Stuttering/ Stammering therapy Department


Stuttering (Stammering) is a speech disorder that affects about 1 % of the population. The cause of stuttering is not known but there is no evidence to shows that stuttering can be learnt from imitation or due to lack of confidence or parental pressure. The only cause that has proven to be significant is family history.


The focus of speech language therapist in Samvaad is to reduce the stuttering instances and reduce any associated anxiety.  At Samvaad, we offer an intensive 12 day individual sessions in the beginning of the treatment phase and slowly reduced to once to twice week. We also offer three times a week sessions as per the clients convenience. Skype sessions  are also available

Samvaad uses speech therapy strategies with behavioral principles to keep the client motivated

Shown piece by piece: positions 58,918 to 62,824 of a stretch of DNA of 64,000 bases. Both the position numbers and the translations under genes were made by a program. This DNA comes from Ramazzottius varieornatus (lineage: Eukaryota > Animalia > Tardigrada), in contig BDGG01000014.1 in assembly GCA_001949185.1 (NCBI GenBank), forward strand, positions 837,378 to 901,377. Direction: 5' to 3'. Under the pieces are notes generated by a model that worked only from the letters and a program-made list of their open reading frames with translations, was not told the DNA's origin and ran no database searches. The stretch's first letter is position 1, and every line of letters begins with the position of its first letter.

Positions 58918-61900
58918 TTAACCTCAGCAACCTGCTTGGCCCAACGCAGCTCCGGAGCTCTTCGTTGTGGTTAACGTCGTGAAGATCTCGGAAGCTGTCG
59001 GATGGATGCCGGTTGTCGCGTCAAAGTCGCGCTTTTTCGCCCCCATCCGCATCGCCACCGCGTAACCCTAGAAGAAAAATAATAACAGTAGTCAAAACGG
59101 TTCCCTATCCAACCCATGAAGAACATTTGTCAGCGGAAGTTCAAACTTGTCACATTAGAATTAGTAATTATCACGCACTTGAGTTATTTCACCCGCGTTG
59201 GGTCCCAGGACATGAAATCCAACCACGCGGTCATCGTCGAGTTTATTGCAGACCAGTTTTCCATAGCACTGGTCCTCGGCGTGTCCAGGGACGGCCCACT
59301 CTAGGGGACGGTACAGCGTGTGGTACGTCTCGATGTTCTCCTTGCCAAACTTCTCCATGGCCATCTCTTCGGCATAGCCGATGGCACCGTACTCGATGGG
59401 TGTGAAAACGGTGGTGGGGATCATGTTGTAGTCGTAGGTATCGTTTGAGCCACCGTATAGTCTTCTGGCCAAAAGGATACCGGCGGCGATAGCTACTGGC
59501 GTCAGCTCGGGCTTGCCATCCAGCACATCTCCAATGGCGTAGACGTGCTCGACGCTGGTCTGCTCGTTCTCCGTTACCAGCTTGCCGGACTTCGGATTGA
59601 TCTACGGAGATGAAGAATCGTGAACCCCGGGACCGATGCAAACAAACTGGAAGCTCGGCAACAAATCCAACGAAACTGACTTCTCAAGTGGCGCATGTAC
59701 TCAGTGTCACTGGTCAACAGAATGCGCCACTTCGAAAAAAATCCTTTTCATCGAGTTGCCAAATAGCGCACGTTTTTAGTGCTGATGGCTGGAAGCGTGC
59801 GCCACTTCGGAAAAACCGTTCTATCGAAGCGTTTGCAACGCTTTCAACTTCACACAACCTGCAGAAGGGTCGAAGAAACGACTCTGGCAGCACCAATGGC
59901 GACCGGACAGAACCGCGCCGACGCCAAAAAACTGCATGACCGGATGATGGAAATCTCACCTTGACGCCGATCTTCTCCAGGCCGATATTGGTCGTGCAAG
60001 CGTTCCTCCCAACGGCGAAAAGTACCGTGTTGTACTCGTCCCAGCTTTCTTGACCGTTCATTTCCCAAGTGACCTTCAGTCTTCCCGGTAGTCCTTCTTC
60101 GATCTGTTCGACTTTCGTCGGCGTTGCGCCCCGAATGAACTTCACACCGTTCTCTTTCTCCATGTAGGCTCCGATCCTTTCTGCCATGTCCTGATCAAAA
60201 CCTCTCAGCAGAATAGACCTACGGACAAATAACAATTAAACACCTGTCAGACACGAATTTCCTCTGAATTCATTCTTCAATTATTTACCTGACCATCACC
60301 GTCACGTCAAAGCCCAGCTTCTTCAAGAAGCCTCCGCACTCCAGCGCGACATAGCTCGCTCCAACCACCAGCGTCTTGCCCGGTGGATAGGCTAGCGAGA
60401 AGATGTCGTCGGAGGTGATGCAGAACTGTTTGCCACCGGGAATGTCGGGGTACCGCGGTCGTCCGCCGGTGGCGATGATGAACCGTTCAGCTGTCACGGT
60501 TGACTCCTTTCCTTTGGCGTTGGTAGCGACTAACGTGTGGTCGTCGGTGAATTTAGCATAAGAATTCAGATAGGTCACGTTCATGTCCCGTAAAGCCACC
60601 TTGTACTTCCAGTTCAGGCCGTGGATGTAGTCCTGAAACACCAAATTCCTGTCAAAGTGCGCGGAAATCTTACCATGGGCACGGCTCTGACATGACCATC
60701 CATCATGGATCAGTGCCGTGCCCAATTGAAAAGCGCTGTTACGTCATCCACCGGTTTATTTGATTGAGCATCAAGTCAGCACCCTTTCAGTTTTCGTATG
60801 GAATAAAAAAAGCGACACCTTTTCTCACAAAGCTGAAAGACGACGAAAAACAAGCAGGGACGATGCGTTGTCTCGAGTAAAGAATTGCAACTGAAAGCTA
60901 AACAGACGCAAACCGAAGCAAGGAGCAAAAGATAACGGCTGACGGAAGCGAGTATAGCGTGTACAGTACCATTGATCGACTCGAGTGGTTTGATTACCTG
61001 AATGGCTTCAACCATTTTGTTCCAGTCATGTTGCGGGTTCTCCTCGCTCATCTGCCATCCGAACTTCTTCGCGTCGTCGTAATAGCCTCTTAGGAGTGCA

Samvaad has a psychologist who works along a speech therapist who helps to resolve any anxiety issues faced by a person who stutters.

Outdated methods

Evidence based therapy

Reading aloud

Marbles in the mouth


Gargling with water

Finger thumb tapping

Response cost

Pause and talk


Modified airflow


RADHIKA POOVAYYA, MSc , BCBA, heads the department

AMULYA P, MASLP, is a senior speech therapist who supervises the therapy of the clients.

 About 70 percent of children who begin to stammer in childhood will outgrow the stuttering, but there is no way to predict  who will recover and who will continue to stammer. Hence, we recommend to start therapy at the earliest.

Can children develop stammering due to emotional trauma?

 Facts about stuttering

Stuttering is more prevalent in males than females

Stuttering begins between 2.5 years to 6 years

Stuttering is not a sign of oral weakness

Stuttering is not a disease and does not require medication.

No. There is no evidence to prove that emotional trauma triggers stuttering, there is no increase in incidence among children in war zone areas or natural calamities.

How to interact with a person who stutters?

  • Sustain eye contact
  • Give them time to complete the sentence
  • Avoid saying ‘talk slowly’
  • Refer them to an SLP